Hello, folks! It seems I have an overwhelming number of stories and photos to share with you this week. Dublin has been very busy; yesterday, June sixteenth, was Bloomsday, a day dedicated to celebrating and retracing the steps of Leopold Bloom. For those who don't know, Leopold Bloom is one of three central characters in the modern epic Ulysses, written by Irishman James Joyce. The book covers one day within the limits of Dublin, and the date it takes place on actually is June sixteenth.
On Bloomsday, the city is full of citizens reading, drinking, and exploring old haunts of both Joyce and his characters. You can enter come of the places mentioned within the book, and find the locations where everything else used to stand. The people are friendly and excitable, and some even dress up in a costume appropriate for the time period of Ulysses. My literature class, of course, took advantage of this opportunity to learn about Irish culture, but not before my history class took a trip to Dublin Castle!
The castle has been a large part of Dublin's history, witness to hundreds of judicial and political movements as well as rebellions. The castle is adorned with statues of both Fortitude and Justice, and they even have stories to go with them: Justice, who wears no blindfold and faces in toward the castle, is not blind, and originally her scales moved in the wind! Locals used to say that this was symbolic of the corruption that took place within the castle walls.
The castle is beautiful and ornate inside, with skylights and beautiful chandeliers in every room. The rugs on the floors are full of symbols like the coats of arms for various political figures and insignia for both the Irish and British governments.
There is even a long promenade hall, built specifically to provide excercise for lords and ladies when Dublin's weather wasn't cooperating and they couldn't go outside. The hall is decorated with gold pieces in the ceiling and lined with artifacts of all varieties.
There are several drawing rooms, each one different from the others; many were required in order to keep castle guests from interacting with someone from a different social class. The Viceroy or ruling power would be free to move from one drawing room to the next in order to meet with everyone, but most guests had their own assigned area and were not to deviate from it.
The lords and ladies were separated, as well; while men would use the drawing rooms to play cards or smoke cigars, women would be located elsewhere for tea and gossip. This was seen as the more civilized way to divide up guests, and in fact it might have been improper to operate the castle in any other way.
There is also a large portrait gallery, containing a painting of all the men who served as Viceroy or the head of Ireland at any time. There are even some paintings of British nobility, such as Queen Victoria and her husband.
The ballroom had to be remodeled more recently than other parts of the castle, although it is still similar to its original composition. The room isn't used for balls or dances anymore, but primarily serves as part of the museum like much of the castle. Within it are more historical artifacts and even murals on the ceiling depicting historic events.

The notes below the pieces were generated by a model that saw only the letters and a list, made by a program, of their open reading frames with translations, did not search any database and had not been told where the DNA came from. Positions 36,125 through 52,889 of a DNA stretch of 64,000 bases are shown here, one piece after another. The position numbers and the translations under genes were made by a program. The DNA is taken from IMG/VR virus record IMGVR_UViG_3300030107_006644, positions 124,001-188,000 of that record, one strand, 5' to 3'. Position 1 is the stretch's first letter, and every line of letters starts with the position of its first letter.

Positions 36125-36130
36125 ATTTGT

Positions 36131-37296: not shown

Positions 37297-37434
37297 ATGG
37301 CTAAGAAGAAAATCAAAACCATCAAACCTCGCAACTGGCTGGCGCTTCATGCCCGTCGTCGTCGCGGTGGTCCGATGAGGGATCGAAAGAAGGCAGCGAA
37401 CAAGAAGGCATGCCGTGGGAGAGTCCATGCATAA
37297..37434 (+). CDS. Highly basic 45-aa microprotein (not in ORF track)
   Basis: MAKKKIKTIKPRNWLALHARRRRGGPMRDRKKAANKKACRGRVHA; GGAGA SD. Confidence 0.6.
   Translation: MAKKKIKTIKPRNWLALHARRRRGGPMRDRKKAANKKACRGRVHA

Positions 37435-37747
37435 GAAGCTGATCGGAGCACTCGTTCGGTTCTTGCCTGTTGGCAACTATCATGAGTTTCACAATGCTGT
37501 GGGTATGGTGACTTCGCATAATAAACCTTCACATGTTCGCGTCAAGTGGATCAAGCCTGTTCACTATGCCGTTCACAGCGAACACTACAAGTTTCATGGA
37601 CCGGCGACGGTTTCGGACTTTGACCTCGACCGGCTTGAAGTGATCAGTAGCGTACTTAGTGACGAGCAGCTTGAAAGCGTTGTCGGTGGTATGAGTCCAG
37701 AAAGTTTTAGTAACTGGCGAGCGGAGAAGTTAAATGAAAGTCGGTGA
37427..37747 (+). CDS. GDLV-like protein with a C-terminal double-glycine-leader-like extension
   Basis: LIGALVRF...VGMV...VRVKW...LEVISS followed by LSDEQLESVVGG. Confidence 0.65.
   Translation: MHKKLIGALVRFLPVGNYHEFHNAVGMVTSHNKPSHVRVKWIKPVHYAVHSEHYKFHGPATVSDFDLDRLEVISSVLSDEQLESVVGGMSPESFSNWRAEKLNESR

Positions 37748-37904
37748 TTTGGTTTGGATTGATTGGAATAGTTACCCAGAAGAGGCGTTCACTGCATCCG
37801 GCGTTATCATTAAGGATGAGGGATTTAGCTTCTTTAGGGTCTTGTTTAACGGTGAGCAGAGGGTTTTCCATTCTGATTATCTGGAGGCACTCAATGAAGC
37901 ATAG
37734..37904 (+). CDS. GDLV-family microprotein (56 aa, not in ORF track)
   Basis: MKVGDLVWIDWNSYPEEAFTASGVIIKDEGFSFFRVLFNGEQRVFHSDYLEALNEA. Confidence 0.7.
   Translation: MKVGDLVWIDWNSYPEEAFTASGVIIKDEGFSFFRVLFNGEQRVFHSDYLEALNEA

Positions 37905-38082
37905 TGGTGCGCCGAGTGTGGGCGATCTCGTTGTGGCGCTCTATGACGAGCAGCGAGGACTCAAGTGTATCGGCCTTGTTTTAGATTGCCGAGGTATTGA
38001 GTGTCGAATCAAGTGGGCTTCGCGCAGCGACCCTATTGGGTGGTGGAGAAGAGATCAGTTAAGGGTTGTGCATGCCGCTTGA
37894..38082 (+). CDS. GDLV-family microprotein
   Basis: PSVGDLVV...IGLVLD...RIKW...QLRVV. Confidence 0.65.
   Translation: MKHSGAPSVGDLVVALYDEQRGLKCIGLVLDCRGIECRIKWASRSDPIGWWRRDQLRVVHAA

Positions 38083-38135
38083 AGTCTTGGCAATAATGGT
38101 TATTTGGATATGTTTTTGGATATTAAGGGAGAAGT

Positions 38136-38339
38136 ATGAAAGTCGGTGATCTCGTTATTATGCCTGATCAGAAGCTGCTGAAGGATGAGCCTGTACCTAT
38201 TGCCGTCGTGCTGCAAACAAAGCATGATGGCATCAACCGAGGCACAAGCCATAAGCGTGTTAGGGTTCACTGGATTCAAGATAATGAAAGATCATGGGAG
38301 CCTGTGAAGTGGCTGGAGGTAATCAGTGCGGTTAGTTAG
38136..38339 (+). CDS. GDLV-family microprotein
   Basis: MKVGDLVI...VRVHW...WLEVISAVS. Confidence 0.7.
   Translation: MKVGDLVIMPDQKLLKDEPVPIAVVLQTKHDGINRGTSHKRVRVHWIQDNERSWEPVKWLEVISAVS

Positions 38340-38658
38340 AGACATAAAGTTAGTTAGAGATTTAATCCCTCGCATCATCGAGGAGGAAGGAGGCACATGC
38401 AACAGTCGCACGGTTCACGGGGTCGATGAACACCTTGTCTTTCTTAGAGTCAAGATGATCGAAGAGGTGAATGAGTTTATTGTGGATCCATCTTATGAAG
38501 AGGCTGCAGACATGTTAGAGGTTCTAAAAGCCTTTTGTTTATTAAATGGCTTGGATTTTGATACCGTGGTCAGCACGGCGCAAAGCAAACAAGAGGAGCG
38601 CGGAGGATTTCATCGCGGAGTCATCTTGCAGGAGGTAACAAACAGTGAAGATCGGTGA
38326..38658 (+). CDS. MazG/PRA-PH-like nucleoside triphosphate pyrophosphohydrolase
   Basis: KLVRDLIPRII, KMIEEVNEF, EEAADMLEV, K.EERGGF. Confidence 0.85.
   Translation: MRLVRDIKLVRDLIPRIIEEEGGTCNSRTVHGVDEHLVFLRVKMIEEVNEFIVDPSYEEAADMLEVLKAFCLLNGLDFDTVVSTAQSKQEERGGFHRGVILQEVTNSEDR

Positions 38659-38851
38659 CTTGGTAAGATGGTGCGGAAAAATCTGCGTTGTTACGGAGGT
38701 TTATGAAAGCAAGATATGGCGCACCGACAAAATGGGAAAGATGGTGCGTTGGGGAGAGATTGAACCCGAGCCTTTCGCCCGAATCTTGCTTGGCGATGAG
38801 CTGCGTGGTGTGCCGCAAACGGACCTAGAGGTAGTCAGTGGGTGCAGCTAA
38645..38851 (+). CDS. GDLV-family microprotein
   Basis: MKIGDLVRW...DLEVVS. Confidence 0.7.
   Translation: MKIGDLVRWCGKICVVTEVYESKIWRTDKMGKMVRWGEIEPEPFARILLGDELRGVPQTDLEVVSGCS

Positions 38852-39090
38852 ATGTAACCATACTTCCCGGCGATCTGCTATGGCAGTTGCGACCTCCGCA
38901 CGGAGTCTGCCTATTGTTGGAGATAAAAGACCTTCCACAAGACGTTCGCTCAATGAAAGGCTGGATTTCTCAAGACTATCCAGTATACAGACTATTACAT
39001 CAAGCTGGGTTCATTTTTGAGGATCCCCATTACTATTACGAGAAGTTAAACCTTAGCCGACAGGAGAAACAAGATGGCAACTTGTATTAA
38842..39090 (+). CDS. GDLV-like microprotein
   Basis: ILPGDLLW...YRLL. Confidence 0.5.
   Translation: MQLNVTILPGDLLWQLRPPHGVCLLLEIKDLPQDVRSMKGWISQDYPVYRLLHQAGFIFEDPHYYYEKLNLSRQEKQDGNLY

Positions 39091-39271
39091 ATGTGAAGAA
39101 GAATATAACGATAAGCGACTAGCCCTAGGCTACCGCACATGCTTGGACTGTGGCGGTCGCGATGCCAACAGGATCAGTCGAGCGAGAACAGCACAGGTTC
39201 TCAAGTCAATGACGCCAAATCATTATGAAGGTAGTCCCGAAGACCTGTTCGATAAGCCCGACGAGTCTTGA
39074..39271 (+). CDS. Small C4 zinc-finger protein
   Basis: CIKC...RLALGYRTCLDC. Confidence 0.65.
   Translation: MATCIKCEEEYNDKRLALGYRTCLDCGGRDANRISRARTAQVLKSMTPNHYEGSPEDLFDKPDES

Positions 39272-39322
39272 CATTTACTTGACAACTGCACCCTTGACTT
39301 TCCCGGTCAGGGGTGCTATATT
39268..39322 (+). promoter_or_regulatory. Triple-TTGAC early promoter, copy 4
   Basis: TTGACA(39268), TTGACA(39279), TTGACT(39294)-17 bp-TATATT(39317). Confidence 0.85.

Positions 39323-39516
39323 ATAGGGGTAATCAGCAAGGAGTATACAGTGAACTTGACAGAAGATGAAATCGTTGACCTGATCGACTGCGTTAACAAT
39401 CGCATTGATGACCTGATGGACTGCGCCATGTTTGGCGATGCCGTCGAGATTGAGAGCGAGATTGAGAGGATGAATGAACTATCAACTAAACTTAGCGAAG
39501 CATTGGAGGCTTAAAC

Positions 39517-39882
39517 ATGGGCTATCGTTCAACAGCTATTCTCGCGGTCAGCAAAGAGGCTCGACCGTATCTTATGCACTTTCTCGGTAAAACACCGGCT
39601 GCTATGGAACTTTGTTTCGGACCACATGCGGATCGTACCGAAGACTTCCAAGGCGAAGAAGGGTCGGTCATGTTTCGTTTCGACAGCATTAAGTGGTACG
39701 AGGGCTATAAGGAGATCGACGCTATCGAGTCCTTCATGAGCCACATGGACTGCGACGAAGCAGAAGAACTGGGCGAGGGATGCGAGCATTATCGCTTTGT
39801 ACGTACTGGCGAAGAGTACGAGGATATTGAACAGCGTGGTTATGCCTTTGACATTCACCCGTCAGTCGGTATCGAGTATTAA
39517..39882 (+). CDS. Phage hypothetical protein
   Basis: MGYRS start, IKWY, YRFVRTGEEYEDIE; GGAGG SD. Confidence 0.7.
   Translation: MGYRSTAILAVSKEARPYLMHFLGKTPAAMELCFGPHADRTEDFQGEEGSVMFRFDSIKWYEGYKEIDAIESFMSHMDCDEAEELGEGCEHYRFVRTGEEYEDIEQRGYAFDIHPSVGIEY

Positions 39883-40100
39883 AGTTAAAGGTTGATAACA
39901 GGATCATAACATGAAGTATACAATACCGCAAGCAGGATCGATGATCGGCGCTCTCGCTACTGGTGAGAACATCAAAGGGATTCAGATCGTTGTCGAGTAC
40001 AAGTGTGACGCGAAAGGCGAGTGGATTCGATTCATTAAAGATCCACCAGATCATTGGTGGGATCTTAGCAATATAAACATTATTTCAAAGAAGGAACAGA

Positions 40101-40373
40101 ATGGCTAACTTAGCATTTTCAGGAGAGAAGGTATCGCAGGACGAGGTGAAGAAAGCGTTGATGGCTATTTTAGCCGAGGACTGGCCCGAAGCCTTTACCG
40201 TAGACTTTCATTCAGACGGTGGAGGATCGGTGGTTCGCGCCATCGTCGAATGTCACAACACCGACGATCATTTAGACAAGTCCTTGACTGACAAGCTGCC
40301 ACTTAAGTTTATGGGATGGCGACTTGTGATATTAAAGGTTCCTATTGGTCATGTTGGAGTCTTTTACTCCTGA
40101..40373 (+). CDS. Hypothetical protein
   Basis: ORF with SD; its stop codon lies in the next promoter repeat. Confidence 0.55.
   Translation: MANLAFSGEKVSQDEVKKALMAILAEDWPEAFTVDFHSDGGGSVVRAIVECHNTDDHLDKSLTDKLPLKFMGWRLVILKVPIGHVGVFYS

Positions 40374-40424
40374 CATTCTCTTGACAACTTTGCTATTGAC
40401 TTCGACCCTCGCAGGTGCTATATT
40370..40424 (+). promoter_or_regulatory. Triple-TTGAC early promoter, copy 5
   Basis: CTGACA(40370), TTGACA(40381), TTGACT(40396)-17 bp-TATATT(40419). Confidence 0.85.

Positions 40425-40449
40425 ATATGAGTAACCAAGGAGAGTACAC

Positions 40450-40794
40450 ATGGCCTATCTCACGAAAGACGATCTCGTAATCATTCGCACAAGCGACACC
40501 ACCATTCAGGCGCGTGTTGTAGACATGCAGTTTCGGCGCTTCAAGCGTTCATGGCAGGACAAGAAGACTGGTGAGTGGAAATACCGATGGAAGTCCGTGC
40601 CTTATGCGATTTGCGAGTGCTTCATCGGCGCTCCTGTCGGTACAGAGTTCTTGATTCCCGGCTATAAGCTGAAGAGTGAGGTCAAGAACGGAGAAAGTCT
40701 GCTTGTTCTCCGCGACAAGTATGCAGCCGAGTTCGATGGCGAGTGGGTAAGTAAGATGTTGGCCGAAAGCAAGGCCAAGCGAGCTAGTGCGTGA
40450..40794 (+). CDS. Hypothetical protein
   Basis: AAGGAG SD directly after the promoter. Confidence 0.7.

The chandeliers within the castle are absolutely beautiful. They were commissioned from a single man, to be made from real crystal. As a result, they're quite large and heavy. They are all fully functional, and can be found throughout most of the museum portion of the castle.
The final piece of Dublin Castle that we were able to visit was the courtyard out behind. The courtyard and attached unit were put in place for Queen Victoria's visit, as the Irish nobility didn't want her to look out her window and find the starving or impoverished countrymen demanding attention. The view of a courtyard and stately architecture was thought to be a much better view.
After stopping for lunch at the amazing Queen of Tarts restaurant, my professor, two friends, and I made our way to a series of readings from Ulysses. There, people read and recited passages from the novel, as well as sang songs that Joyce had included within it. Several were dressed up for the occasion.
There was a large crowd attending the readings, most holding their own copies of the book and following along. Some had their pieces memorized, and others were reading it for the first time. Included among them was a man known to be a wonderful James Joyce impersonator!
Afterwards, my class made its way to a play entitled "Joyced!" that would walk us through a quick and lively narration of Joyce's early life. It was a phenomenal one-woman act, complete with singing and several different characters all "on stage" at one time. Following that, we made our way to one of the pubs mentioned in Ulysses to watch the conclusion of the day's festivities.
Within a few minutes, we were approached by a group of lecturers from a university, intent on discussing Joyce and his works with us.
They even insisted on borrowing my camera to take a photo of us outside of the Davy Byrnes pub, to record our own participation in Bloomsday; unfortunately, the focus wasn't turned on, and the photo came out a little blurry:
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<p>Hi! My name is Taylor Haggerty. I'm twenty years old and currently go to school in Bloomington, Indiana, for magazine design and poetry. This summer I'll be studying English and history in Dublin, Ireland!</p>